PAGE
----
Burning and tingling sensations in the feet are a problem many people experience. While any part of the foot may be involved, the most common area is throughout the ball of the foot. In addition, these feelings may or may not be coupled with pain. Named after T.G. Morton of Philadelphia, Morton's neuroma is a common condition that elicits such symptoms. Identified as an enlargement of the nerve at the base of the third and fourth toes, Morton's neuroma is benign and poses no acute danger to those affected.
The exact cause of a Morton's neuroma remains unknown. However, most consider this condition to be that of an entrapped nerve. At the site of symptoms, many important structures exist which are thought to play a part in creating a neuroma. The metatarsal heads are the bones in the ball of the foot which accept the pressures of weight bearing. Connecting these bones is a ligament called the deep transverse metatarsal ligament. It is at the junction of the third and fourth metatarsal heads and the deep transverse metatarsal ligament that compression of the nerve takes place.
Most neuromas occur in those with a pronated, or flat, foot. The flat foot leads to increased stretching of the nerves and motion of the bones. This results in repeated pressure on the nerves and formation of a neuroma.
As with most other foot problems, shoe wear may play a role in the development of a Morton's neuroma. High heels force weight onto the front of the foot while extending the toes in a cramped area. This may lead to bunching of the toes and other bones in the front of the foot causing compression of the nerve. Activities requiring crouching and stooping can place unnecessary stretching on the nerves as well thus leading to pain and irritation of the nerve.
With mild forms of a Morton's neuroma, people often experience:
As the neuroma becomes more bothersome, additional symptoms start to develop:
As the symptoms progress, pain becomes more noticeable. This can range from a dull aching pain to more severe sharp pains worsening with increased activities. If the neuroma becomes large enough, spreading of the toes can occur. Difficulty with tight shoewear and inability to carry out certain activities usually accompanies a long-standing neuroma.
Manual evaluation of the area can reproduce the painful symptoms. Pressing directly at the base of the third and fourth toes or squeezing from top to bottom will compress the inflamed nerve and cause burning, tingling, numbness or pain. These sensations may also be reproduced with compressing the foot from side to side. Combining side to side compression with direct pressure may cause a clicking feeling known as Mulder's sign.
Conservative, non-surgical treatment of Morton's neuroma can alleviate and prevent future recurrence in the majority of cases, up to 80%. Like other common foot and ankle maladies, treatment begins with patient education and the right kind of shoe wear.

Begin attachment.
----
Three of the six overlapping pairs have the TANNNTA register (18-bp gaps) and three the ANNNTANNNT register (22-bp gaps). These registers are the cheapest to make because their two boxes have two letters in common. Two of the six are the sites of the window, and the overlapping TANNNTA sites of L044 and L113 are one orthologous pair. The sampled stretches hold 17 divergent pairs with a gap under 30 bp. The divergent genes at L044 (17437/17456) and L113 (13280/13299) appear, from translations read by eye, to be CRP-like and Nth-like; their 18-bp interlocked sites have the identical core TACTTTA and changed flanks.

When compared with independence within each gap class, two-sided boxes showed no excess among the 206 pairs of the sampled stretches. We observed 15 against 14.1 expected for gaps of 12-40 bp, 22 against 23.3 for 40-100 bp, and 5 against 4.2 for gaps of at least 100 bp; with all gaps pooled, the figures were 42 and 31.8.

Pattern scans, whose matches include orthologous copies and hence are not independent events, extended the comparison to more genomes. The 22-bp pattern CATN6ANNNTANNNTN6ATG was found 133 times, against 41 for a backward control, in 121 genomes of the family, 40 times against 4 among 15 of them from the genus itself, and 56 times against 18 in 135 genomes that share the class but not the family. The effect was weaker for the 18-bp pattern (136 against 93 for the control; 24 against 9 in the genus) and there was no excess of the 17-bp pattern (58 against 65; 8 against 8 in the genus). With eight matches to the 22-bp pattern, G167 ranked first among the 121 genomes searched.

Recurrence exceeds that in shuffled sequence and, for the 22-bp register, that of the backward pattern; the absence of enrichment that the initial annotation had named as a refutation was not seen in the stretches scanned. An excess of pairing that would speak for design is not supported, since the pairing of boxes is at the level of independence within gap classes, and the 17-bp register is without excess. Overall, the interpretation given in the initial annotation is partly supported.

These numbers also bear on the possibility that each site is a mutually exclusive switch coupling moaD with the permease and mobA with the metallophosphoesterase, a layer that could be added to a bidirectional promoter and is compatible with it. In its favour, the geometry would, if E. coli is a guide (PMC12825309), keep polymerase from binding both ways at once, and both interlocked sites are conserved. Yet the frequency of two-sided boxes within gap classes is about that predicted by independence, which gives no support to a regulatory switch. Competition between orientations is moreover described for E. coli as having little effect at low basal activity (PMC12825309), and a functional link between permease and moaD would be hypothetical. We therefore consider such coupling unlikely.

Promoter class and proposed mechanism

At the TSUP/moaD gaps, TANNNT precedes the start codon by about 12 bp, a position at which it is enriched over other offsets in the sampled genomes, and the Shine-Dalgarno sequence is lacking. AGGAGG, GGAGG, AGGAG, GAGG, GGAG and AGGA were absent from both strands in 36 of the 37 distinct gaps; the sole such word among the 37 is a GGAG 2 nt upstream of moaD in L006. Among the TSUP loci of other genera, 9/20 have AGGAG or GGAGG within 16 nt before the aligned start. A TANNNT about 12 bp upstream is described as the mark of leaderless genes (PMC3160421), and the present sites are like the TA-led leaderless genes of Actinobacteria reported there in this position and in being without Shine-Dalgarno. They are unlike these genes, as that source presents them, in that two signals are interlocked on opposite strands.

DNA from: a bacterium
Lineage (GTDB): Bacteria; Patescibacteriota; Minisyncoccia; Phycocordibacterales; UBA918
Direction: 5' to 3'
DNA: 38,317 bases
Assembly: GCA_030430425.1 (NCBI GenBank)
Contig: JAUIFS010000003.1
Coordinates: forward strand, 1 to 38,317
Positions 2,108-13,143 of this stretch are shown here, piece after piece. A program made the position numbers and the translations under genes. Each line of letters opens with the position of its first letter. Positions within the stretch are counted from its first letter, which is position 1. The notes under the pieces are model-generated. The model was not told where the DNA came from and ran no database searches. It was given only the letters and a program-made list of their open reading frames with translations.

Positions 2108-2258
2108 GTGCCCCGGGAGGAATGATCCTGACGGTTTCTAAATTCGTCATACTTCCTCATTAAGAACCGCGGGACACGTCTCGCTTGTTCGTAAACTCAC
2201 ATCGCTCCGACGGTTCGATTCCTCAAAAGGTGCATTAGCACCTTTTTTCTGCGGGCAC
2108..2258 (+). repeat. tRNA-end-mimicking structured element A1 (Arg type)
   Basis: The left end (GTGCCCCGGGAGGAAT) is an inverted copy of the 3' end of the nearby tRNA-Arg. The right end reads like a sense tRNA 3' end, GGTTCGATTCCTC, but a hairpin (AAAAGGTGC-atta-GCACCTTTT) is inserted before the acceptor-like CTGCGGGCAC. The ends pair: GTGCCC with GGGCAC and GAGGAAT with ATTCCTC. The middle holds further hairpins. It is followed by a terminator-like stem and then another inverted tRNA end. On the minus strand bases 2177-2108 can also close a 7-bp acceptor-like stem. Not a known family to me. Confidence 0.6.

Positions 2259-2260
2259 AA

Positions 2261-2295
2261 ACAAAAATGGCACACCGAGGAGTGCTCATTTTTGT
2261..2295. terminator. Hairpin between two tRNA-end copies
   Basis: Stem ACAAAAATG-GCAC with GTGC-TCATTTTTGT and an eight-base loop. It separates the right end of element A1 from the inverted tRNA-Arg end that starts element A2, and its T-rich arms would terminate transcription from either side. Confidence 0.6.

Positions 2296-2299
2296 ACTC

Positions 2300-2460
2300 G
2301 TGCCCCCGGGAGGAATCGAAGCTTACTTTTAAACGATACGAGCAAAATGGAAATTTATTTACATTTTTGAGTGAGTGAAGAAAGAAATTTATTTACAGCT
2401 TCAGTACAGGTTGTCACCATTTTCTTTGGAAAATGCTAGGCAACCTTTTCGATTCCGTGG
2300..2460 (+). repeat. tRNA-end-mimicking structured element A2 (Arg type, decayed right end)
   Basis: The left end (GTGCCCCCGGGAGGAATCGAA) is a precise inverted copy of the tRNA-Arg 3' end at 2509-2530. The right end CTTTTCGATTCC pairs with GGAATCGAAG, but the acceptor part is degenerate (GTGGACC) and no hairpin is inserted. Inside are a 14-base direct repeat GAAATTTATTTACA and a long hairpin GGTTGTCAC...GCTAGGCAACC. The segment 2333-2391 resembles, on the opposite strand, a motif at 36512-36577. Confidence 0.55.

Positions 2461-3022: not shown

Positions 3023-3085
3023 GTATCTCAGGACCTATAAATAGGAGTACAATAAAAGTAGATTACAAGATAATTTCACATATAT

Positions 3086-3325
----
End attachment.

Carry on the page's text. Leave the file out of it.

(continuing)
When further treatment is necessary, the foot and ankle specialist may recommend injection therapy. The first line option is steroid, or cortisone, injections. These act as a "jump start" to the healing process, utilized to decrease overall inflammation associated with the Morton's neuroma. The injections are administered either from the top, and rarely the bottom, of the ball of the foot. Steroid injections are typically given in rounds of three with adequate periods of time separating each to avoid potential complications. Results have shown that up to 50% of patients may experience adequate relief with these injections. Additionally, other injection materials such as alcohol solutions or vitamin B12 may be
Surgical treatment of Morton's neuromas is considered once
non-surgical options have been exhausted and fail to alleviate symptoms. Either decompression or removal of the neuroma are the most common techniques.
Other surgical treatments have been utilized successfully, including freezing of the nerve and laser sealing of recurrent neuromas.
The post-operative course for neuroma surgery is both surgeon- and procedure-dependent. This ranges from immediate weight bearing to a short three- to four-week period of non-weight bearing with the use of crutches or other assistive devices. Physical therapy is not typically indicated but may be recommended depending on the post-operative progress. Success rates of conservative and surgical therapies combined have been reported to be as high as 95% with a majority of patients stating that they would have the procedure again.
This information on foot, leg and lower body health conditions is provided by The Podiatry Institute, dedicated to advancing the standard of care in podiatric medicine and its effects on musculoskeletal health. The Podiatry Institute does not endorse a specific treatment, product, or therapy. This information is not intended to be a substitute for professional medical advice, diagnosis or treatment. Please consult your health care provider on all matters relating to this or any other condition that may affect your health.
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